• unable to wake up properly – Getting out of bed in the morning but not feeling awake.

Due to the need for more recovery time with my most recent event, I decided it best to cancel my plan to attend a family member’s art exhibition. As much as I was looking forward to the art exhibit, I knew it was senseless to try to attend. The drive up and back would be an issue. To go to the event and bow out after ten minutes, as happened the previous week, would make the trip utterly senseless.

Social isolation

The ongoing challenges with ABI as it pertains to attending events is becoming a noticeable source of frustration. I’m experiencing a growing sense of isolation. I feel like I am missing out on things during an event or by declining invitations for other events.

There are various factors which contribute to the sense of isolation:

  • Shortening my stay at a social gathering.
  • Interrupting my participation by giving myself a ‘time out’.
  • Missing key bit of conversation as neural fatigue sets in.
  • Cancelling my attendance at planned events

Modifying Expectations

I am regularly reminded that I can not live with the same expectations that I had pre-ABI. The challenges I experience in various social settings will likely not change much. I should not let the sense of social isolation define my life. I’ve been advised to look internally for affirmation. Reflecting on what I am able to do and down playing the setbacks.

One of my goals is to find and accept a level of social engagement that is satisfying. I expect it will take time and trying different experiences to begin to understand what that might look like.

Meanwhile I continue to keep in mind the idea of ‘cost – benefit’. It’s okay to put myself into a situation that requires some recovery time. Rather than focus on the event I end up cancelling while recovering, I focus on the memories of the recent event. By consider the ‘cost – benefit’ of an event before and during I try to avoid a recovery time that leaves me discouraged and short of good memories.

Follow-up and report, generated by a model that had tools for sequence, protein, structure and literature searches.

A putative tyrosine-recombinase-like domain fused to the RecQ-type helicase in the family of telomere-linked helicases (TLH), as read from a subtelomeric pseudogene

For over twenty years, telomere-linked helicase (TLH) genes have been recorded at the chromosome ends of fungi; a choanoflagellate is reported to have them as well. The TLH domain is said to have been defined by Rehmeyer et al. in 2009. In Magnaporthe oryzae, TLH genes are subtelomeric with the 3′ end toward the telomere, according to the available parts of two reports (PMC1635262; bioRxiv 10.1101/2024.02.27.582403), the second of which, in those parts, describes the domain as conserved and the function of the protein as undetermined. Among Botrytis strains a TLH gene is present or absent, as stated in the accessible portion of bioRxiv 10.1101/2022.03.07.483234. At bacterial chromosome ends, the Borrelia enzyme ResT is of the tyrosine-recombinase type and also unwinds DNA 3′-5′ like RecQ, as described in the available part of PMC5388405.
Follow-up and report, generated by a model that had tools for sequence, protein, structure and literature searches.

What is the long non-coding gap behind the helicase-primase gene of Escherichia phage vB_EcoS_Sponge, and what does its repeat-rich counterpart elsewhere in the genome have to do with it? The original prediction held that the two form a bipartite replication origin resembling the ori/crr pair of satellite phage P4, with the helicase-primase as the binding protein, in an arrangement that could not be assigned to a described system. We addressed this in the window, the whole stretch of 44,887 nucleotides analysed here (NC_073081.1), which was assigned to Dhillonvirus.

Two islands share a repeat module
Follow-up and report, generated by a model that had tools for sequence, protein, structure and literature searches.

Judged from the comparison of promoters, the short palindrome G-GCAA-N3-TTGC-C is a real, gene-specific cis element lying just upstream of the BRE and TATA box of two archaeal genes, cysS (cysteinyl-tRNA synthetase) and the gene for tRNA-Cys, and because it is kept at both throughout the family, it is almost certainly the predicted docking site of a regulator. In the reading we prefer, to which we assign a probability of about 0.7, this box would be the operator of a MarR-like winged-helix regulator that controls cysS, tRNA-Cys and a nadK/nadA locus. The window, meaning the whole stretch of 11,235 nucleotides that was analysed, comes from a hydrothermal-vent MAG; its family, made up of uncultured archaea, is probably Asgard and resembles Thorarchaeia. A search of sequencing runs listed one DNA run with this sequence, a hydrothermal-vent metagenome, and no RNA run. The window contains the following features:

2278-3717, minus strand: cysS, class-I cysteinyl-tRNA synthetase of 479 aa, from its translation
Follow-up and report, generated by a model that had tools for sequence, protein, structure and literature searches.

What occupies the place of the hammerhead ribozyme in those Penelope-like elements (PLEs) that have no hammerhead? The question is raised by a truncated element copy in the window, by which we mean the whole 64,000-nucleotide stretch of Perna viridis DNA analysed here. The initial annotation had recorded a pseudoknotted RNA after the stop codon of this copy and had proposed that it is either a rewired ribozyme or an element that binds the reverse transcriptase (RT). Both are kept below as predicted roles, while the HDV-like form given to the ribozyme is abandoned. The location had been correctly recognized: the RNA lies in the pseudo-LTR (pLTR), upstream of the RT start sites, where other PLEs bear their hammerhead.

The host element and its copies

Author: Jasper Hoogendam

After 36 years as an educator my career ended due to a TBI. Renewable energy as part of 'walking lightly on this earth' has been and continues to be my interest since my teen years. Since early 2015 I have been learning to live with ABI (Acquire Brain Injury). I don't want to let my ABI limit the goals I set for myself. I'm living with a different brain, not a lesser brain. In sharing my day to day successes and struggles, I am better able to understand how my life had changed and begin to accept the change. In sharing my experiences I'm hearing from caregivers and fellow ABI's. I'm encouraged when my experiences are helping others understand some of the complexity of living with ABI.

12 thoughts on “Addressing Social Isolation”

  1. So much of what you have written here is my own experience too.
    It is a long journey.
    I suffered with loneliness as I do not get visitors and my husband is out a lot. I cannot attend church and have to decline most social functions. I hope it will change. Through prayer I’m finding the loneliness being replaced by solitude. This is a recent development and such a gift.
    Thank you for sharing your experiences and for doing so so eloquently. Although I do not wish this on anyone else, it is so good to know I’m not alone as sometimes I wonder if I’m just imagining it and that it’s all just in my head. (No pun intended there.)

    Liked by 1 person

    1. As one deals with a disability or a chronic condition, one’s sense of what impact it has does change over time. We are social beings and that forms a major part of our identity and how we see ourselves.
      I struggle with what ‘acceptance’ looks like. Your comment about experiencing solitude opens a window for me as to what can replace the sense of isolation. Thanks for sharing.

      Liked by 1 person

  2. So much of what you have written is so real for us as well. After 18 years of dealing with ABI, one thinks that one has worked out a way of coping with social situations that unbalance the usual routines of our lives. But every once in awhile reality comes back and makes one realize how much we have given up as we work out a manageable lifestyle for coping with ABI. A long anticipated attendance at a wedding of friends ended up presenting us with challenges as we tried to find a solution as the situation presented itself. One can become discouraged, but then I realize how much we still have to be thankful for and once again we focus on the many everyday blessings that are a part of our everyday lives.